If you’ve used any programming language for a long enough time, you’ve found things about it that you wish were different. It’s true for me with Python. I have ideas of a number of things I would change about Python if I could. I’ll bore you with just one of them: the syntax of class definitions.
But let’s start with the syntax for defining functions. It has this really nice property: function definitions look like their corresponding function calls. A function is defined like this:
def func_name(arg1, arg2):
When you call the function, you use similar syntax: the name of the function, and a comma-separated list of arguments in parentheses:
x = func_name(12, 34)
Just by lining up the punctuation in the call with the same bits of the definition, you can see that arg1 will be 12, and arg2 will be 34. Nice.
OK, so now let’s look at how a class with base classes is defined:
class MyClass(BaseClass, AnotherBase):
To create an instance of this class, you use the name of the class, and parens, but now the parallelism is gone. You don’t pass a BaseClass to construct a MyClass:
my_obj = MyClass(...)
Just looking at the class line, you can’t tell what has to go in the parens to make a MyClass object. So “def” and “class” have very similar syntax, and function calls and object creation have very similar syntax, but the mimicry in function calls that can guide you to the right incantation will throw you off completely when creating objects.
This is the sort of thing that experts glide right past without slowing down. They are used to arcane syntax, and similar things having different meanings in subtly different contexts. And a lot of that is inescapable in programming languages: there are only so many symbols, and many many more concepts. There’s bound to be overlaps.
But we could do better. Why use parentheses that look like a function call to indicate base classes? Here’s a better syntax:
class MyClass from BaseClass, AnotherBase:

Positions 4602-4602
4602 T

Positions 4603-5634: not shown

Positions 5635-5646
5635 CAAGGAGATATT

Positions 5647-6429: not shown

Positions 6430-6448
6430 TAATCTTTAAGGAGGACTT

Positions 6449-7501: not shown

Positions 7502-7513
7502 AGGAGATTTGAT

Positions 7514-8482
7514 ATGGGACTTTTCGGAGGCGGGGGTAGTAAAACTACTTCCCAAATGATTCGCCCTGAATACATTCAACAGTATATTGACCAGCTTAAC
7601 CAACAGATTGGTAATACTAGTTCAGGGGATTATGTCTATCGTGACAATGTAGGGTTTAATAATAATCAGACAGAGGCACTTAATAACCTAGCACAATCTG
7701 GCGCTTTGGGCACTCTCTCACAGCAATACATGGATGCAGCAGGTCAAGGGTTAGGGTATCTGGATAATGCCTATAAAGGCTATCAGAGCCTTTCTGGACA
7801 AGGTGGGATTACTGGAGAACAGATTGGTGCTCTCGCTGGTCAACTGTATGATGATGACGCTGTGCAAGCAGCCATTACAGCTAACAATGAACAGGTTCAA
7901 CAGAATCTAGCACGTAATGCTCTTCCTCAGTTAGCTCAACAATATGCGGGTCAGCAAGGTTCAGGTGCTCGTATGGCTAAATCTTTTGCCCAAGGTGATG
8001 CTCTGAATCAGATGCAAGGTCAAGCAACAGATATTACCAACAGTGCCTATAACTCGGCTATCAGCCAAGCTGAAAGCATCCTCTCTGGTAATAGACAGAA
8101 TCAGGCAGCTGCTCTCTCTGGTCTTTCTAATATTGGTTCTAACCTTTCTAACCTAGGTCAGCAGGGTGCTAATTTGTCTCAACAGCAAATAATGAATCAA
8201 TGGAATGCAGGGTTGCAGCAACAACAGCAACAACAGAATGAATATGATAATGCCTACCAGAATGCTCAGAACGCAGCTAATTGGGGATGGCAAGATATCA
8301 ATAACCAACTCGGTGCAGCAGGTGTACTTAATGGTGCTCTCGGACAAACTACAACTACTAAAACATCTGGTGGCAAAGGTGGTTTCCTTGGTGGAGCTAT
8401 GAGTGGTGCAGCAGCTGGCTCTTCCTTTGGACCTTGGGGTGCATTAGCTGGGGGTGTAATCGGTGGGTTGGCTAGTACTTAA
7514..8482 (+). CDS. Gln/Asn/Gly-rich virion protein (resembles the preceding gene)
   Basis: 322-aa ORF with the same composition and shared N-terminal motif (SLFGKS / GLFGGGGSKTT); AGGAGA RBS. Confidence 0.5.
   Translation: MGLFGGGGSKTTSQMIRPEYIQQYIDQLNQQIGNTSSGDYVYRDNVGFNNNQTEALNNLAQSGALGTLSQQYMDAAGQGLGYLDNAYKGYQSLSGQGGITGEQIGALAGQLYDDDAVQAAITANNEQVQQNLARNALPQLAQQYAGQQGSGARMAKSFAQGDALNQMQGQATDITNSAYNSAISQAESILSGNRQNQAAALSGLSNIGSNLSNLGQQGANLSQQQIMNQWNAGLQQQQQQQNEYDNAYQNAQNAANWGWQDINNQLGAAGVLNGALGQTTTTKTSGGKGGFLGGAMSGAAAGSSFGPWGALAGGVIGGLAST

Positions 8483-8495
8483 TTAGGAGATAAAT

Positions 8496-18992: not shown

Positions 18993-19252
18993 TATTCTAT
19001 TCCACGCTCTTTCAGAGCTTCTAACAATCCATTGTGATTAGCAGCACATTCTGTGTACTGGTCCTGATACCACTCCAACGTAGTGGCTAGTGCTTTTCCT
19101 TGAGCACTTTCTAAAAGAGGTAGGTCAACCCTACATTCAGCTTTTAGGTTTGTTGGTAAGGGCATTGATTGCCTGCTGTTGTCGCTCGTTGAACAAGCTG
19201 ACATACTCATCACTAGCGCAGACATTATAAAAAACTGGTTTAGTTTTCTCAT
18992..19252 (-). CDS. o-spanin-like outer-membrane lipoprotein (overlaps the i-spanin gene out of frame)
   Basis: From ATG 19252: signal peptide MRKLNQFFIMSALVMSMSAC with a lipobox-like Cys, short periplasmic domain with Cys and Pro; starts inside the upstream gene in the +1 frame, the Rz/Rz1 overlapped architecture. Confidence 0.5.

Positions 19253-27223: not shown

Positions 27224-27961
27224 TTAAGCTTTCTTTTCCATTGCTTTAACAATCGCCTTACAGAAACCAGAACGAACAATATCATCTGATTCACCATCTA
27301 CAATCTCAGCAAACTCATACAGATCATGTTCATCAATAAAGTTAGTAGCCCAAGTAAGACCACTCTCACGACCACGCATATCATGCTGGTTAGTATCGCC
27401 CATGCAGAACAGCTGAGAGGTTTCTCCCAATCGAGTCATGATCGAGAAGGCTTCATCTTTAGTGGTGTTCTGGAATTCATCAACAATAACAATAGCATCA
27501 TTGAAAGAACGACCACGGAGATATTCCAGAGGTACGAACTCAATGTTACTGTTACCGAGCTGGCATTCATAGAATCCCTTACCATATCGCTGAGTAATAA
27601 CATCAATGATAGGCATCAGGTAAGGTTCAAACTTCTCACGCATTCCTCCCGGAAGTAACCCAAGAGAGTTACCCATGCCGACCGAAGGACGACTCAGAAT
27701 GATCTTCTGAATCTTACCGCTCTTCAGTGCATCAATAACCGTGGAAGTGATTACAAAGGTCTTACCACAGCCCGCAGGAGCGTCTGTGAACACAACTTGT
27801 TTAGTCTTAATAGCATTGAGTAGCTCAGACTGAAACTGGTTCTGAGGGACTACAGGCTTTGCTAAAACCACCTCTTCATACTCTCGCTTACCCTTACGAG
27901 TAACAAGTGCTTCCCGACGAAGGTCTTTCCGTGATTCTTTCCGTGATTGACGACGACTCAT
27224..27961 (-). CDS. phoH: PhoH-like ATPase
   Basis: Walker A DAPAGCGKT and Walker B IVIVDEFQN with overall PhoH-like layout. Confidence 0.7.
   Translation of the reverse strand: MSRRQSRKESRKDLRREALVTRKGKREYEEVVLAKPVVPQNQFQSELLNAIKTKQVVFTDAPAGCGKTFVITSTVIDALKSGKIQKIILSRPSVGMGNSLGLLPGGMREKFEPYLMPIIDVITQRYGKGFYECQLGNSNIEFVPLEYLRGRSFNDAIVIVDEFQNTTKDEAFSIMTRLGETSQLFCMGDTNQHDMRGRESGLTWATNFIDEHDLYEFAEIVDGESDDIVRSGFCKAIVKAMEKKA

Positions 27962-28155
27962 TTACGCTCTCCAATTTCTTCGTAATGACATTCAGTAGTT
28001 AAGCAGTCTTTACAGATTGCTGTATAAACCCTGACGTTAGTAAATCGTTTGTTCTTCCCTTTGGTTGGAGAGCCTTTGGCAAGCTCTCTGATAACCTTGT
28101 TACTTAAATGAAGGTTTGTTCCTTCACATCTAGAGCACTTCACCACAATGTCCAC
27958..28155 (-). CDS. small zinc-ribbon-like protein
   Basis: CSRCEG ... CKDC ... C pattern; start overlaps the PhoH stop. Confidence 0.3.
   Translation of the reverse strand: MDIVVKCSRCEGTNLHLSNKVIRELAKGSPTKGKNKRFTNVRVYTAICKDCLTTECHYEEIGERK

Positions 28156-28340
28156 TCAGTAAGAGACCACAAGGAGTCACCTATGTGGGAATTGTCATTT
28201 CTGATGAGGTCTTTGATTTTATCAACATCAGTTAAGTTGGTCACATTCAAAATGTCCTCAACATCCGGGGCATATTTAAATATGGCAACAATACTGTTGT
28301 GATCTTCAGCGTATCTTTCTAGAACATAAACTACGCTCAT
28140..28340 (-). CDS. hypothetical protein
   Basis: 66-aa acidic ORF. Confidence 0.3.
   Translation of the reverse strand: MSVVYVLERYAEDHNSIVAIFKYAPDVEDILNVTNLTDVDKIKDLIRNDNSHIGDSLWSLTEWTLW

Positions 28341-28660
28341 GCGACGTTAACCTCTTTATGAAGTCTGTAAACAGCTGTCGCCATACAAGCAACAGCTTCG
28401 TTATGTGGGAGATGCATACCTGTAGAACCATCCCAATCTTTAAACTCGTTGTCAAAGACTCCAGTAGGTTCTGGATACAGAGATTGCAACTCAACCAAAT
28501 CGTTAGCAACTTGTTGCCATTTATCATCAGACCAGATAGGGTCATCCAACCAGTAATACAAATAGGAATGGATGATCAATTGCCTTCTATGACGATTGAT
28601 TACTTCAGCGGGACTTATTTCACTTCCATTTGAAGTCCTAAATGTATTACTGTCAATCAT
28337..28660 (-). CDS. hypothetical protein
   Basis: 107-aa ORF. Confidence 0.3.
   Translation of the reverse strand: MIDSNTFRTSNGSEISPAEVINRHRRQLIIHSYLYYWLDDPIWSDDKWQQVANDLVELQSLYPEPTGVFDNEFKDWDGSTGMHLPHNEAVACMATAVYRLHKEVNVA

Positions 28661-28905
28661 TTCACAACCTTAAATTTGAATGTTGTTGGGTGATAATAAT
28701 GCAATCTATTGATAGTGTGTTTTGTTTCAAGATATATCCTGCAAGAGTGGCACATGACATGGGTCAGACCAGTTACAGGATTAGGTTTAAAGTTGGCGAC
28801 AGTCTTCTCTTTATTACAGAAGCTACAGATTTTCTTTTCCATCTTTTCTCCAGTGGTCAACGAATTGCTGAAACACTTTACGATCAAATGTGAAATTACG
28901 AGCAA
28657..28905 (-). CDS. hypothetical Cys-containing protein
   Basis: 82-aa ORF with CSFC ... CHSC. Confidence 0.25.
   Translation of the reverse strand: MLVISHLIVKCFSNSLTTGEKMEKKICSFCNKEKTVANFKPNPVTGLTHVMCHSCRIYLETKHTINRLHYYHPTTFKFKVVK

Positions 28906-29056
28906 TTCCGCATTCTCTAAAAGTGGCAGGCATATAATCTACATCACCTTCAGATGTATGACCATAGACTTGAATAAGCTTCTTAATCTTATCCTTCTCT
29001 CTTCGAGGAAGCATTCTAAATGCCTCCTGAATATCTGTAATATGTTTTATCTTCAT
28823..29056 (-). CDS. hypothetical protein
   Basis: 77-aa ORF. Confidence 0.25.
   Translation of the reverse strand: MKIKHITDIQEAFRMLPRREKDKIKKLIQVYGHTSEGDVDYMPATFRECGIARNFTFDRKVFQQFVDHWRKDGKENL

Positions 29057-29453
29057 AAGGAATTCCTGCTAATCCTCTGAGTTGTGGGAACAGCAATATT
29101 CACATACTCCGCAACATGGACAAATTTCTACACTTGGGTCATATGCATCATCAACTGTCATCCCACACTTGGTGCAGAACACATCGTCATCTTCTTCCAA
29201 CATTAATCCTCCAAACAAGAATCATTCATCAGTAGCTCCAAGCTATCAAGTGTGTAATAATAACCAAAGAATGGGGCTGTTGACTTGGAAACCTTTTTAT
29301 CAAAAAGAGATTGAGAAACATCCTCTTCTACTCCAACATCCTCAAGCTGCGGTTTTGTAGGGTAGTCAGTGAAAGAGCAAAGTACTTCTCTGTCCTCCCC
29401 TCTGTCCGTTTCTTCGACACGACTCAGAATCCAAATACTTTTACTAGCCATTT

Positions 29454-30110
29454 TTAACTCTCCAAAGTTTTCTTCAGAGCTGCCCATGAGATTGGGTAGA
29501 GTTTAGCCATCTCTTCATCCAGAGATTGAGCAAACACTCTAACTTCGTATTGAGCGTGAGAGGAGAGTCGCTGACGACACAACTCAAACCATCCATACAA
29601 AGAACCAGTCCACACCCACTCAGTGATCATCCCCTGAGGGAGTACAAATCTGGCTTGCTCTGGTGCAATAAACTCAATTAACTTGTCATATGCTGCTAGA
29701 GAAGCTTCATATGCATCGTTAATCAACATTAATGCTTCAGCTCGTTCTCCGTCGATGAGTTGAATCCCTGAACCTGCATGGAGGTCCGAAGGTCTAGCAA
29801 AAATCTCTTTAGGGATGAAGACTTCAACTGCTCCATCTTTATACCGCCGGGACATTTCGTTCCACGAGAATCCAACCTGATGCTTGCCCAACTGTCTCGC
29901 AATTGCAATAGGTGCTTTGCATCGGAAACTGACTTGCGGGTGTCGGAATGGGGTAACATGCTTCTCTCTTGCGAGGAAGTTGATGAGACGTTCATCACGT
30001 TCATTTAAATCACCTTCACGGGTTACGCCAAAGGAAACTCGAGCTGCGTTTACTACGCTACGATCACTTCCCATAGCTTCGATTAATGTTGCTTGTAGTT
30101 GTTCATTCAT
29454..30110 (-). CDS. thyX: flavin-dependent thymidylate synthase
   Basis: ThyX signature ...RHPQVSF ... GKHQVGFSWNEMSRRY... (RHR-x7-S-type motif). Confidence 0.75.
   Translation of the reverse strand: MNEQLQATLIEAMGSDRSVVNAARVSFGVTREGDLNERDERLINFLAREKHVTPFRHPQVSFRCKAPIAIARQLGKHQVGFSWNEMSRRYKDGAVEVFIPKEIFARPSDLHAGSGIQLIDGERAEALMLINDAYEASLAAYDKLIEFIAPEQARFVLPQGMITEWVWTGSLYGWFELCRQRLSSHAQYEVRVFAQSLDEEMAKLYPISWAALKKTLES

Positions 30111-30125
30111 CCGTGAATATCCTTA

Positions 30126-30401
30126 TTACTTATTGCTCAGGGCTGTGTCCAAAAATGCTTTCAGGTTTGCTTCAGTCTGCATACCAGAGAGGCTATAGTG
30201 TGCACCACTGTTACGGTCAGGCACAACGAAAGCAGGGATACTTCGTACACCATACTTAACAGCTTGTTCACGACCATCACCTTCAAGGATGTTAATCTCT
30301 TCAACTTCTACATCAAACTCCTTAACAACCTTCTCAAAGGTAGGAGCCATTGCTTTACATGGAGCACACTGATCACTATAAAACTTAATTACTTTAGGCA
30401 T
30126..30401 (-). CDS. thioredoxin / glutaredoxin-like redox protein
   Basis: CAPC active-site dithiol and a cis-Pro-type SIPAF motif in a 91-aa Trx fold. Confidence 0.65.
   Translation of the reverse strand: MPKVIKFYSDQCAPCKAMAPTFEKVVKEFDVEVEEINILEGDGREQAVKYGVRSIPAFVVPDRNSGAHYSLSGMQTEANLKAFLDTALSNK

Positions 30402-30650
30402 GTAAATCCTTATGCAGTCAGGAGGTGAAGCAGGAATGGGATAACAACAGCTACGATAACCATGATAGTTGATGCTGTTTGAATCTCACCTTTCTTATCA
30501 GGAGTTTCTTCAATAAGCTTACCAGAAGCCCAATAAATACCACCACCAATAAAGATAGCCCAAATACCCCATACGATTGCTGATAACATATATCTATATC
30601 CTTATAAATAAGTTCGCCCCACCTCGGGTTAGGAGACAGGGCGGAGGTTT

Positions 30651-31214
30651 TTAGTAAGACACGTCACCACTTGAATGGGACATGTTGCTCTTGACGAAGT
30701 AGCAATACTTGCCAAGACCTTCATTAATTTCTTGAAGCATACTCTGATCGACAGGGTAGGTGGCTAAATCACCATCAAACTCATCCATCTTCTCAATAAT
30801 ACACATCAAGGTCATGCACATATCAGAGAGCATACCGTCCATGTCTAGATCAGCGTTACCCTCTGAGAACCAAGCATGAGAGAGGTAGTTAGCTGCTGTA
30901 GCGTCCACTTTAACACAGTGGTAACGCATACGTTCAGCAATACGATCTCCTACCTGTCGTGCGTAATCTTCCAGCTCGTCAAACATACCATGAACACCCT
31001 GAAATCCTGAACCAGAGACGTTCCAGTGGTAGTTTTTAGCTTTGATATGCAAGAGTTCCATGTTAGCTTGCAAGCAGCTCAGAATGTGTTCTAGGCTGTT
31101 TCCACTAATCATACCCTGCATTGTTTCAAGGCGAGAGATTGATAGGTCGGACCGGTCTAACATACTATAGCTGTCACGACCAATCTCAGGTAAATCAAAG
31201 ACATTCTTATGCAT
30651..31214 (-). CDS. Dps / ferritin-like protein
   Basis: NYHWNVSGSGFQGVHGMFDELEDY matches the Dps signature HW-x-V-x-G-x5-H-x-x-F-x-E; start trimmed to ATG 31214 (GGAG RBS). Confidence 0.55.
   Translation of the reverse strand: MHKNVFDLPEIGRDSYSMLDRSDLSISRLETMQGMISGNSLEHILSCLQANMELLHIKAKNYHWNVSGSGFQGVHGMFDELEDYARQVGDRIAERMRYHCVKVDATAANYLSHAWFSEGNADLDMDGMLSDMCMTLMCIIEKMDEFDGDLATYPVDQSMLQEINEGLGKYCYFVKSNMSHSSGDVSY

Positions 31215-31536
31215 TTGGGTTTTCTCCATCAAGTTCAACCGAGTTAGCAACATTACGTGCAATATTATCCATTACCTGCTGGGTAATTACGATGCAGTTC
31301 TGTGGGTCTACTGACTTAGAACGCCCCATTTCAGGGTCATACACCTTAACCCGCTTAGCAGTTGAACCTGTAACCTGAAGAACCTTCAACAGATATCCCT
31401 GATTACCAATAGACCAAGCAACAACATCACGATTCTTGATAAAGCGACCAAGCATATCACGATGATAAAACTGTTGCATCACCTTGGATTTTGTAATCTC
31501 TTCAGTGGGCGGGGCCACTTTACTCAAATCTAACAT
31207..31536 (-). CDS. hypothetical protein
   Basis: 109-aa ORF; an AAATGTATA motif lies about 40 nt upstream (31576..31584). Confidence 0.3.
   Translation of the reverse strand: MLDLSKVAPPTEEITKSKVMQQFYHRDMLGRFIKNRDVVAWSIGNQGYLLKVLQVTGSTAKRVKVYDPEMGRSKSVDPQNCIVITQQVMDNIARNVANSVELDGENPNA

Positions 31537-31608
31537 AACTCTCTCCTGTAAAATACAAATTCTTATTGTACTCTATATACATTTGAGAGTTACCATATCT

Not only does this avoid the misleading punctuation parallelism, but it even borrows from the English we use to talk about classes: MyClass derives from BaseClass and AnotherBase. And “from” is already a keyword in Python.
BTW, even experts occasionally make the mistake of typing “def” where they meant “class”, and the similar syntax means the code is valid. The error isn’t discovered until the traceback, which can be baffling.
I’m not seriously proposing to change Python. Not because this wouldn’t be better (it would), but because a change like this is impractical at this late date. I guess it could be added as an alternative syntax, but it would be hard to argue that having two syntaxes for classes would be better for beginners.
But I think it is helpful to try to see our familiar landscape as confused beginners do. It can only help with explaining it to them, and maybe help us make better choices in the future.
class Thing(Parent, metaclass = Whatever):
In that parlance, class is simply a shortcut for "make type".
Yes, make should be a new keyword. But at least we could write the full name of first arguments to classmethods. :-D
The syntax for defining class attributes is perfectly fine. It's the instance attributes that are the problem, mostly because you don't have an instance until creation time.
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